14. from denominations to 'the church of a city'

That is not all. There is an increasing interest in finding religion online. This confirms people's continued desire to search for God, expanding the domain from offline real world to the online digital world.

Chapter 6 is a great chapter that touches on good Christian people dedicated to do their best in serving the Church. As people jumps from Martha to Mary, and back again, they can find fulfilment and joy in service. Realistically, she reminds readers that there are potential 'spiritual sinkholes' like John Bunyan's description of the Slough of Despair that all servants need to be aware of. The positive hope is that God is guiding the believer.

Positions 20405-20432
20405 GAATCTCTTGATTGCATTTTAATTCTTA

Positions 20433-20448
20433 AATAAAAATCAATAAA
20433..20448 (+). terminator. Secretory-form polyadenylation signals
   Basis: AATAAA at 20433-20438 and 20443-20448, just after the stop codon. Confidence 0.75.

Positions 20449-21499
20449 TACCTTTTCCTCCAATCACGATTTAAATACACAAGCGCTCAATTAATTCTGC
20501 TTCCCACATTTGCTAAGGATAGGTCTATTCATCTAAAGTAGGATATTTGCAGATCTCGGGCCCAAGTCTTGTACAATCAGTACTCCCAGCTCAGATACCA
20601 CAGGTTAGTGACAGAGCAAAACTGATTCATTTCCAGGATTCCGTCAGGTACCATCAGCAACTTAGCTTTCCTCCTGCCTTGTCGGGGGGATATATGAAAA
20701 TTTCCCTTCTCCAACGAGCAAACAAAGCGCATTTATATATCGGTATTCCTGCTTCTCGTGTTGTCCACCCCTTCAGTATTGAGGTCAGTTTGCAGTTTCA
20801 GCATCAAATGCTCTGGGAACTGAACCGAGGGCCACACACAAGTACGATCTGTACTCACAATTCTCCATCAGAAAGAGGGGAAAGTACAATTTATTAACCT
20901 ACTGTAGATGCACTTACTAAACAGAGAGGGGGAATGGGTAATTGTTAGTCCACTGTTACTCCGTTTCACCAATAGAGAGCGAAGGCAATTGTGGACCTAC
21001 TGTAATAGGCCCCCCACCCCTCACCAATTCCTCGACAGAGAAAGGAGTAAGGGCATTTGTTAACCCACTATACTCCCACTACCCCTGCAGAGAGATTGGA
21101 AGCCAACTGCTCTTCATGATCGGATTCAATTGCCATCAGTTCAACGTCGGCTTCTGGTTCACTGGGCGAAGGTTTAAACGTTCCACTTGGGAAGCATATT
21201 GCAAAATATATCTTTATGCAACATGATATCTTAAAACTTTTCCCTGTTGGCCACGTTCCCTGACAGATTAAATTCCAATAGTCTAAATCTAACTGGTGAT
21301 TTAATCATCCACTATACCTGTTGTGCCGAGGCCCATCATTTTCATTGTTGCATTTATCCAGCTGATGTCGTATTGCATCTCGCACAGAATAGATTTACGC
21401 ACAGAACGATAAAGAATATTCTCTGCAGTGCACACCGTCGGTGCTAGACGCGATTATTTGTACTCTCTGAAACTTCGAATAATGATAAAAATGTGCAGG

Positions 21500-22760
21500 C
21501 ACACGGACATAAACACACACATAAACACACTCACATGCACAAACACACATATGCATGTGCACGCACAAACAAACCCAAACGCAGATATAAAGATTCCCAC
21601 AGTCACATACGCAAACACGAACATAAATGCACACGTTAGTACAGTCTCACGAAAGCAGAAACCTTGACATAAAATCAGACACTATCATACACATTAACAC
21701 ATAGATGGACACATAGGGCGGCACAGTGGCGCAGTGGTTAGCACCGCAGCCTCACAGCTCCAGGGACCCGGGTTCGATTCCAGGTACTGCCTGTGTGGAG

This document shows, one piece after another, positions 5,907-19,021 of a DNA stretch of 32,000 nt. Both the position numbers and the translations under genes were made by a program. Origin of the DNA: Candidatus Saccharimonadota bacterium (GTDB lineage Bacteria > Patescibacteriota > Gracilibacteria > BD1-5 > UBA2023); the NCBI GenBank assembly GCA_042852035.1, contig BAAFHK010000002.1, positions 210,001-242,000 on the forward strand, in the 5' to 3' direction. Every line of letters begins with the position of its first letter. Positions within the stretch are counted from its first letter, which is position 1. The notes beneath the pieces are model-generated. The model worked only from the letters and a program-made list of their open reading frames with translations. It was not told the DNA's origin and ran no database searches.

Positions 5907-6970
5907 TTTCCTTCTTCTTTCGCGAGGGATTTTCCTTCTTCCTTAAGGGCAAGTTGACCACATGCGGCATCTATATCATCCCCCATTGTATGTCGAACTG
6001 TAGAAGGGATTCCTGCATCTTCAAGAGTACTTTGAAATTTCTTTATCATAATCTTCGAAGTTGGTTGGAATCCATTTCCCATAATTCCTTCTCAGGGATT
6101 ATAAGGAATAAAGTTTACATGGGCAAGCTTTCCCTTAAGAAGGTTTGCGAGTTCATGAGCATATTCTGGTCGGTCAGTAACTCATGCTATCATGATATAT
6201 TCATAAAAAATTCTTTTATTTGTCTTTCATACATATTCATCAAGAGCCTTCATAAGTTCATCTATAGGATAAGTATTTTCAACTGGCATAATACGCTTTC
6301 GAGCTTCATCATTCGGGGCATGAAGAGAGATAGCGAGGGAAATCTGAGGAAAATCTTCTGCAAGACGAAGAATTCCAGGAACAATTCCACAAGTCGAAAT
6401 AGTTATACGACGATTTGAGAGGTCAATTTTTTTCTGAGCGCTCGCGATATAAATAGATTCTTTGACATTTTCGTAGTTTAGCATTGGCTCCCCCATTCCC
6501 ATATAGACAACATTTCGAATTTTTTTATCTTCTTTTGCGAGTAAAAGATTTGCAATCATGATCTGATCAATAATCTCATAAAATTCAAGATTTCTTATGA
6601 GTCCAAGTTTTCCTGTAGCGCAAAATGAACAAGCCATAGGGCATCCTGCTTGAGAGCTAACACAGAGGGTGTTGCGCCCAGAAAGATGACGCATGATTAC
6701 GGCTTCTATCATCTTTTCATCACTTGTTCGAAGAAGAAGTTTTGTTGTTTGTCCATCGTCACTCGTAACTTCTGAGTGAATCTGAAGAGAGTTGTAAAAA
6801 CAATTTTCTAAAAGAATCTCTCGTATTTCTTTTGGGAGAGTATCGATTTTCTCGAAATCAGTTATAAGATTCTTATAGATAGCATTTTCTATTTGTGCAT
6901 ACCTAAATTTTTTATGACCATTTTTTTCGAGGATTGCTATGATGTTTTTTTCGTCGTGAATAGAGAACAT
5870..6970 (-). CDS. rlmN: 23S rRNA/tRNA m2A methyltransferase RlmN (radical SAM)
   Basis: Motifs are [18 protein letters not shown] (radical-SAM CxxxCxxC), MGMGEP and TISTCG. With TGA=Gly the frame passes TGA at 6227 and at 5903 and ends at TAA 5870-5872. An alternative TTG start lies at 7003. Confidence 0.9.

Chapter 7 deals with the issue of spiritual abuse. While recognizing the pain some believers go through, hope is found in growth, maturity, and a renewed faith in God's grace and rest. Before she ends the book, she suggests some paradigm shifting proposals.
  • that sometimes it is good to take an occasional break from church, and to be free to do it without feeling guilty
  • Despite the many criticisms, there is still a lot of good in the institutional church
  • Focus on mentoring
  • Parents to volunteer in Sunday School, rather than 'abdicating' their kids to the system
  • Being church is not necessary in a church building, but at a gathering of believers like a coffee shop conversation.
  • ....

My Comments